The prevalence of food allergy (FA) has not been estimated at a population level in Central American countries and, consequently, the magnitude and relevance of the problem in the Central American region remains unknown. Thus, our aim was to evaluate the parent-reported prevalence of FA in a population of schoolchildren from the Central American country El Salvador. A Spanish version of a structured questionnaire was utilized. Five hundred and eight (508) parents returned the questionnaire with valid responses (response rate, 32%). The estimated prevalence rates (95% CI) were: adverse food reactions 15.9 (13.0⁻19.3), "perceived FA, ever" 11.6 (9.1⁻14.6), "physician-diagnosed FA, ever" 5.7% (4.0⁻8.0), "immediate-type FA, ever" 8.8% (6.6⁻11.6), "immediate-type FA, current" 5.3% (3.6⁻7.6), and anaphylaxis 2.5% (1.5⁻4.3). The most common food allergens were milk (1.7%), shrimp (1.3), chili (0.7%), chocolate (0.7%), and nuts (0.3%). Most of the "food-dependent anaphylaxis" cases (60.5%) sought medical attention, but only one case reported the prescription of an epinephrine autoinjector. Mild and severe FA cases are not uncommon among Salvadoran schoolchildren and both the prescription of epinephrine autoinjectors by healthcare personnel and the use of the autoinjectors by anaphylactic individuals should be encouraged.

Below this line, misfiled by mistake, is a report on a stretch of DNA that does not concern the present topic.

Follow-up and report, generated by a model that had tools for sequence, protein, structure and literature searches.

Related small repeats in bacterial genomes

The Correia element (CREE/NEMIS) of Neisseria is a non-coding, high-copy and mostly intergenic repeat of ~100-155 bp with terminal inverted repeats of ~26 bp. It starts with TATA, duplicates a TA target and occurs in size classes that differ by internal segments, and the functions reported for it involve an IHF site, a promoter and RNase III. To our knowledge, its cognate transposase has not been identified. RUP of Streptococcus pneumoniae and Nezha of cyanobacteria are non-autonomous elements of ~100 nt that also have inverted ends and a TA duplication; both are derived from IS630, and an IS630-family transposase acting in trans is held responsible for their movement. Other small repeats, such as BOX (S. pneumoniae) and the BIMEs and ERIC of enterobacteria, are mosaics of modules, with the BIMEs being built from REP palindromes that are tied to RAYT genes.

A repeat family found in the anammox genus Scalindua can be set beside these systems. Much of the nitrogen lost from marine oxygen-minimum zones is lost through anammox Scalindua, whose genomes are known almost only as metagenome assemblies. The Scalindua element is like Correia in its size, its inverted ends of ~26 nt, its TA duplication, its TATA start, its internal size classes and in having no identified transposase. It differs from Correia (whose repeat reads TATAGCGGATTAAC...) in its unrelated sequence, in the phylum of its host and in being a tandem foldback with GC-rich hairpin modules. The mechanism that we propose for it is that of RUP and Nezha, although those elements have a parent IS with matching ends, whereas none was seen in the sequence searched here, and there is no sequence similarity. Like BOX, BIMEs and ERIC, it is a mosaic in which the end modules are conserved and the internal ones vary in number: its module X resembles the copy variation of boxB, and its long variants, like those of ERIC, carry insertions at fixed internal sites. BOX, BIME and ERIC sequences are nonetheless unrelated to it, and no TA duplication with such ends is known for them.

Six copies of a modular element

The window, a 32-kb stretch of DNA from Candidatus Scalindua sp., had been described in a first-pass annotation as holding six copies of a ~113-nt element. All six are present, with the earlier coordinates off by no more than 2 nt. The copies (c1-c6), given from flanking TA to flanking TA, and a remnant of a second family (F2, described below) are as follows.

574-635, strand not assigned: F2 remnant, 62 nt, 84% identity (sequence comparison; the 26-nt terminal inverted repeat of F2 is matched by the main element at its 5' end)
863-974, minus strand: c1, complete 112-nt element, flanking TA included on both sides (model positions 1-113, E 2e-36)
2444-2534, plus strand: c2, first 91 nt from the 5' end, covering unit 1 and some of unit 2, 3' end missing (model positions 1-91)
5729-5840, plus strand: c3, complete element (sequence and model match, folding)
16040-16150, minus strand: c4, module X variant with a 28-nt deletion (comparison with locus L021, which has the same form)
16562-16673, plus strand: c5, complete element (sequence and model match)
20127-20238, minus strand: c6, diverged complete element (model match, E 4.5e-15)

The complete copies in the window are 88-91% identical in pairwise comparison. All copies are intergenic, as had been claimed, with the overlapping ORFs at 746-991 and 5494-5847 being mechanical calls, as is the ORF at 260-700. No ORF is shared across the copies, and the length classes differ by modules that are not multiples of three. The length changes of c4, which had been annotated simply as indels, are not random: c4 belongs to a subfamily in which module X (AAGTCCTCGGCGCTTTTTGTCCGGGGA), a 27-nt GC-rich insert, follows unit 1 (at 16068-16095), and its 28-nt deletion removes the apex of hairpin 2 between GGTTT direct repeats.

Keywords: anaphylaxis; food allergy; parent-reported; prevalence; schoolchildren.